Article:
Prior to his civilian service, he served as an active duty Navy Intelligence Officer from 1989 to 1991, including a deployment in support of Operation Desert Shield/Desert Storm. After active duty, he served in the Navy Reserves for nine years, including as Special Assistant to the Chairman of the Joint Chiefs of Staff and an attaché at U.S. Embassy Beijing and U.S. Embassy Ulaanbaatar.
Mr. Schriver has won numerous military and civilian awards from the U.S. government and was presented while at the State Department with the Order of the Propitious Clouds by the President of Taiwan for service promoting U.S.-Taiwan relations. Mr. Schriver received a Bachelor of Arts degree in history from Williams College and a Master of Arts degree from Harvard University.
Abraham M. Denmark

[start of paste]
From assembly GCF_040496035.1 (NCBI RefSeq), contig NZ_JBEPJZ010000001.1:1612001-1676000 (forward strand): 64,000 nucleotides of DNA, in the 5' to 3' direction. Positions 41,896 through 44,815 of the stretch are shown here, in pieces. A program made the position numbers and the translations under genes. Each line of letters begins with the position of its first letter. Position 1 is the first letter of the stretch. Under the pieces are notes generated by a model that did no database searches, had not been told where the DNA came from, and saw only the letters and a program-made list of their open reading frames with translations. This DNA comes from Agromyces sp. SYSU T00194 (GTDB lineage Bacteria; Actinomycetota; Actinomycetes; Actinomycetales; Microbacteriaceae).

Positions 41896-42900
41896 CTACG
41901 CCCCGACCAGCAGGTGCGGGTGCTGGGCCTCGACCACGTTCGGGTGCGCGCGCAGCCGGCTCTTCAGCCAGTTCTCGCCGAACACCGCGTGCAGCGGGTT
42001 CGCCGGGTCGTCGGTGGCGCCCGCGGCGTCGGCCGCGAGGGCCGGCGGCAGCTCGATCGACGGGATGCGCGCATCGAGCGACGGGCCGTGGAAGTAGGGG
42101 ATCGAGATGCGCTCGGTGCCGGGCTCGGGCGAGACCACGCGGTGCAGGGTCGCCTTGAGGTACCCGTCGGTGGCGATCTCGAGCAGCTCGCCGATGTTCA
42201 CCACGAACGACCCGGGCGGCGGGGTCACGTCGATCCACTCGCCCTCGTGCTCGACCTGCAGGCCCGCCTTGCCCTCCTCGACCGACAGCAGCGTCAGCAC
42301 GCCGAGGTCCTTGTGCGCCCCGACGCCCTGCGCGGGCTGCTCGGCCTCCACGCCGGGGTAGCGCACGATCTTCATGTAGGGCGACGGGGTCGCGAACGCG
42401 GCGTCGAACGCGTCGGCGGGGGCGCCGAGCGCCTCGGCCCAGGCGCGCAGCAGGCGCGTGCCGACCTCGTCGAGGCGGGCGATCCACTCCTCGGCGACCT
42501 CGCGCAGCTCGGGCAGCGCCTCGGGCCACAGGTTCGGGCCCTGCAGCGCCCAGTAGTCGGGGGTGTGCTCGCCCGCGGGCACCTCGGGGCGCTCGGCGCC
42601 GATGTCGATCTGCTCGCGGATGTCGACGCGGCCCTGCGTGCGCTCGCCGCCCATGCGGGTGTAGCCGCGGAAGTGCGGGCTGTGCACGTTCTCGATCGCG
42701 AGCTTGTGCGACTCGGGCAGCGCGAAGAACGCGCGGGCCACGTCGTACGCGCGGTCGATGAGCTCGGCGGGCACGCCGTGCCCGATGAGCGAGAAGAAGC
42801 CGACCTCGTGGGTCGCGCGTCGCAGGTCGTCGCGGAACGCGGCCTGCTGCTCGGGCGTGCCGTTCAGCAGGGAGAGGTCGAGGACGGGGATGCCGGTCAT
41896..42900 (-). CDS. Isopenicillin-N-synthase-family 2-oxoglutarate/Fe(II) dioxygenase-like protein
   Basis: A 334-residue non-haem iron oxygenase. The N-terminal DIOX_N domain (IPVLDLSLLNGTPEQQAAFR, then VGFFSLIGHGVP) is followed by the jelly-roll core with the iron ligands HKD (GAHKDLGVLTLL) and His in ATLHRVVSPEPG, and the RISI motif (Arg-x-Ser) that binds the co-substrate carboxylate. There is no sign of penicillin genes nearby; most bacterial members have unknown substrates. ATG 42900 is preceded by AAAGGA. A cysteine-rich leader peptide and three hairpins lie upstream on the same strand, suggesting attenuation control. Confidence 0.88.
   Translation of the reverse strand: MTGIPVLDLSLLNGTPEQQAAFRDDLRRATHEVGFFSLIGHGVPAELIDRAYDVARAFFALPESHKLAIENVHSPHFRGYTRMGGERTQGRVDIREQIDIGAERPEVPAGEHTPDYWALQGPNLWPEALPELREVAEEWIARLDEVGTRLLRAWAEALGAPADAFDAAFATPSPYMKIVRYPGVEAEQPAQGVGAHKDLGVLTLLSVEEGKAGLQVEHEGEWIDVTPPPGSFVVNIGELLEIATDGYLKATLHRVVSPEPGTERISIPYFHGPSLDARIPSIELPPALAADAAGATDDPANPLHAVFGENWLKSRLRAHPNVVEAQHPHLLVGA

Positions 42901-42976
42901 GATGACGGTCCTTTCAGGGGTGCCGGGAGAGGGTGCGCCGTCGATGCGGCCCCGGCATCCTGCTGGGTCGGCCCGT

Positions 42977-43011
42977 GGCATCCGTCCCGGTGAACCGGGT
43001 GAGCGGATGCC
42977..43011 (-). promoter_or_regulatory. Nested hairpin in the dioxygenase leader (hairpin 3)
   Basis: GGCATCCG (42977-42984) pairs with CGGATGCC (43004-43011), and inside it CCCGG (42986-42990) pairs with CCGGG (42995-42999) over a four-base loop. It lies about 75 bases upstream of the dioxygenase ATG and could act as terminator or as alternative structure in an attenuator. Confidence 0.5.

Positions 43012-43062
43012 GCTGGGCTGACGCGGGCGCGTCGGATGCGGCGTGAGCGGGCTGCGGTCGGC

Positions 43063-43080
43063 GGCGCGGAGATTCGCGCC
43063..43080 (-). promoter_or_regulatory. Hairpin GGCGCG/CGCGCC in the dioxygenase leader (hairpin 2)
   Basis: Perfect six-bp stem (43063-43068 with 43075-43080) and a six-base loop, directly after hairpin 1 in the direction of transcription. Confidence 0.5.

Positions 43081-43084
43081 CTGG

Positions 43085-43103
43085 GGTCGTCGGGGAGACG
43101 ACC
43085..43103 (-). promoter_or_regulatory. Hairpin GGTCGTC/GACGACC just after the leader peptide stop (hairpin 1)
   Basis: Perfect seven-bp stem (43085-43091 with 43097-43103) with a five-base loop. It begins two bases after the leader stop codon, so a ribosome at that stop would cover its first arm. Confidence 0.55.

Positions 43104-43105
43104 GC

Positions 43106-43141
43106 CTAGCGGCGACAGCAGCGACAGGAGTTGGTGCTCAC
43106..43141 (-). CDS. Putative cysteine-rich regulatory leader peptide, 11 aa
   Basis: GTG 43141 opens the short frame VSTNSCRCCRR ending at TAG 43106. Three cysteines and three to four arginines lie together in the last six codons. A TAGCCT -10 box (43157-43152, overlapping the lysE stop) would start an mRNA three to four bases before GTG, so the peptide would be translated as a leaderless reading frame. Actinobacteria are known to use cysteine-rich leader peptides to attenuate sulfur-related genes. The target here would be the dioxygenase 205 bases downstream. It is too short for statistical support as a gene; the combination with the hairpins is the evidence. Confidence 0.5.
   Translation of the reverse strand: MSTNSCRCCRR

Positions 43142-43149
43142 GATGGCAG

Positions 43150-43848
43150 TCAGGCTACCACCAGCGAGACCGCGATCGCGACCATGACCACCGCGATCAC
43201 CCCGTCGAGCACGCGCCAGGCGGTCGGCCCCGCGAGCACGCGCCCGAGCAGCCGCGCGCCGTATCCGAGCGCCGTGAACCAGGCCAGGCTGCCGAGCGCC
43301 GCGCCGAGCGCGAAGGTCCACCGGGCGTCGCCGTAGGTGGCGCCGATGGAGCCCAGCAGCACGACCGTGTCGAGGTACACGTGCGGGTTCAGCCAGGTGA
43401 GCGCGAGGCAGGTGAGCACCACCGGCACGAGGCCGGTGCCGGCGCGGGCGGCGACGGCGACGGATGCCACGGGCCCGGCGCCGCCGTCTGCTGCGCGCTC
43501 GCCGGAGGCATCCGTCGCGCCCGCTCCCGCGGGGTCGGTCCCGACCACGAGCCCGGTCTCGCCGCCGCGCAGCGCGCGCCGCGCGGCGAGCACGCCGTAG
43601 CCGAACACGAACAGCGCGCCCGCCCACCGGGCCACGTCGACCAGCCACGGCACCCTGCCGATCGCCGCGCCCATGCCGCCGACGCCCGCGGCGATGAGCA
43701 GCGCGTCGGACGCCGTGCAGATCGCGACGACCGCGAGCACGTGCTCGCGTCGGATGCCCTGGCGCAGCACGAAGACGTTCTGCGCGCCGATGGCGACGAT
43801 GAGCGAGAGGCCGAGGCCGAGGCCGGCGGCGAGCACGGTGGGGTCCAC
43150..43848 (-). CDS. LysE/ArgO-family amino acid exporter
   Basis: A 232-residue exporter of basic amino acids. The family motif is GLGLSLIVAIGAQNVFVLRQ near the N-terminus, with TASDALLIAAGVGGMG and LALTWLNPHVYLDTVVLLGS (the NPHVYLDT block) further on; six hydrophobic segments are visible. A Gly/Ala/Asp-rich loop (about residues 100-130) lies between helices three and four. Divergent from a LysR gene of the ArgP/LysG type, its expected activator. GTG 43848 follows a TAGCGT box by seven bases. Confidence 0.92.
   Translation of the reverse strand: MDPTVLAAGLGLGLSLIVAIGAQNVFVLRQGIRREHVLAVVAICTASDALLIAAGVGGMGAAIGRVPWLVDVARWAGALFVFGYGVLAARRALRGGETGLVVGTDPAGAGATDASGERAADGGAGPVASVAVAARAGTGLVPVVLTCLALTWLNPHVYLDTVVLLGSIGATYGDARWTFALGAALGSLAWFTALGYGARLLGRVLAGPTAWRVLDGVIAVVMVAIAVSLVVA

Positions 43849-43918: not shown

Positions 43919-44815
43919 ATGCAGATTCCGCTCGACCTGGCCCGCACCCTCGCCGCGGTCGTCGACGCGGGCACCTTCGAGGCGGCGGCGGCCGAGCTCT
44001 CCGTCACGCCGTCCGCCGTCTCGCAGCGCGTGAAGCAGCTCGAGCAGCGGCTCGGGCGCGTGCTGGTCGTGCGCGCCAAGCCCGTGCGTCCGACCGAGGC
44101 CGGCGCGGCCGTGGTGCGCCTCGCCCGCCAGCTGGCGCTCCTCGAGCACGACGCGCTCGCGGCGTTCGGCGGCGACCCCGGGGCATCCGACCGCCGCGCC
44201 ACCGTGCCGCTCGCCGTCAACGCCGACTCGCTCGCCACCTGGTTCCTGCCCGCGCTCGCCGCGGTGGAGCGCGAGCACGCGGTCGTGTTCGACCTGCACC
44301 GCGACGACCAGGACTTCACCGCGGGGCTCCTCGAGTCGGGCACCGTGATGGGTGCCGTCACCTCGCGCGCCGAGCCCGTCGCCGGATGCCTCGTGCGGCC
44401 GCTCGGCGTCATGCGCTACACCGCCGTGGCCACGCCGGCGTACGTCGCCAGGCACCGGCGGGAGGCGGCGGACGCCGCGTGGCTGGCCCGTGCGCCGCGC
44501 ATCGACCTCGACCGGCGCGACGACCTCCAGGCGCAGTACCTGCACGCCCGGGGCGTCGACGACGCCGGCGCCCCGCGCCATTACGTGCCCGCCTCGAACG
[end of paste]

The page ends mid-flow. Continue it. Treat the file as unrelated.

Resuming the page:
Abraham M. Denmark is Director of the Asia Program at the Woodrow Wilson International Center for Scholars, which conducts independent research and hosts frank dialogues to develop actionable ideas for Congress, the Administration, and the broader policy community on issues related to the Asia-Pacific. He also holds a joint appointment as a Senior Fellow at the Wilson Center’s Kissinger Institute on China and the United States. Prior to joining the Wilson Center, Mr. Denmark served as Deputy Assistant Secretary of Defense for East Asia, where he supported the Secretary of Defense and other senior U.S. government leaders in the formulation and implementation of national security strategies and defense policies toward the region. Mr. Denmark previously worked as Senior Vice President for Political and Security Affairs at The National Bureau of Asian Research, a Fellow at the Center for a New American Security, and held several positions in the U.S. Intelligence Community.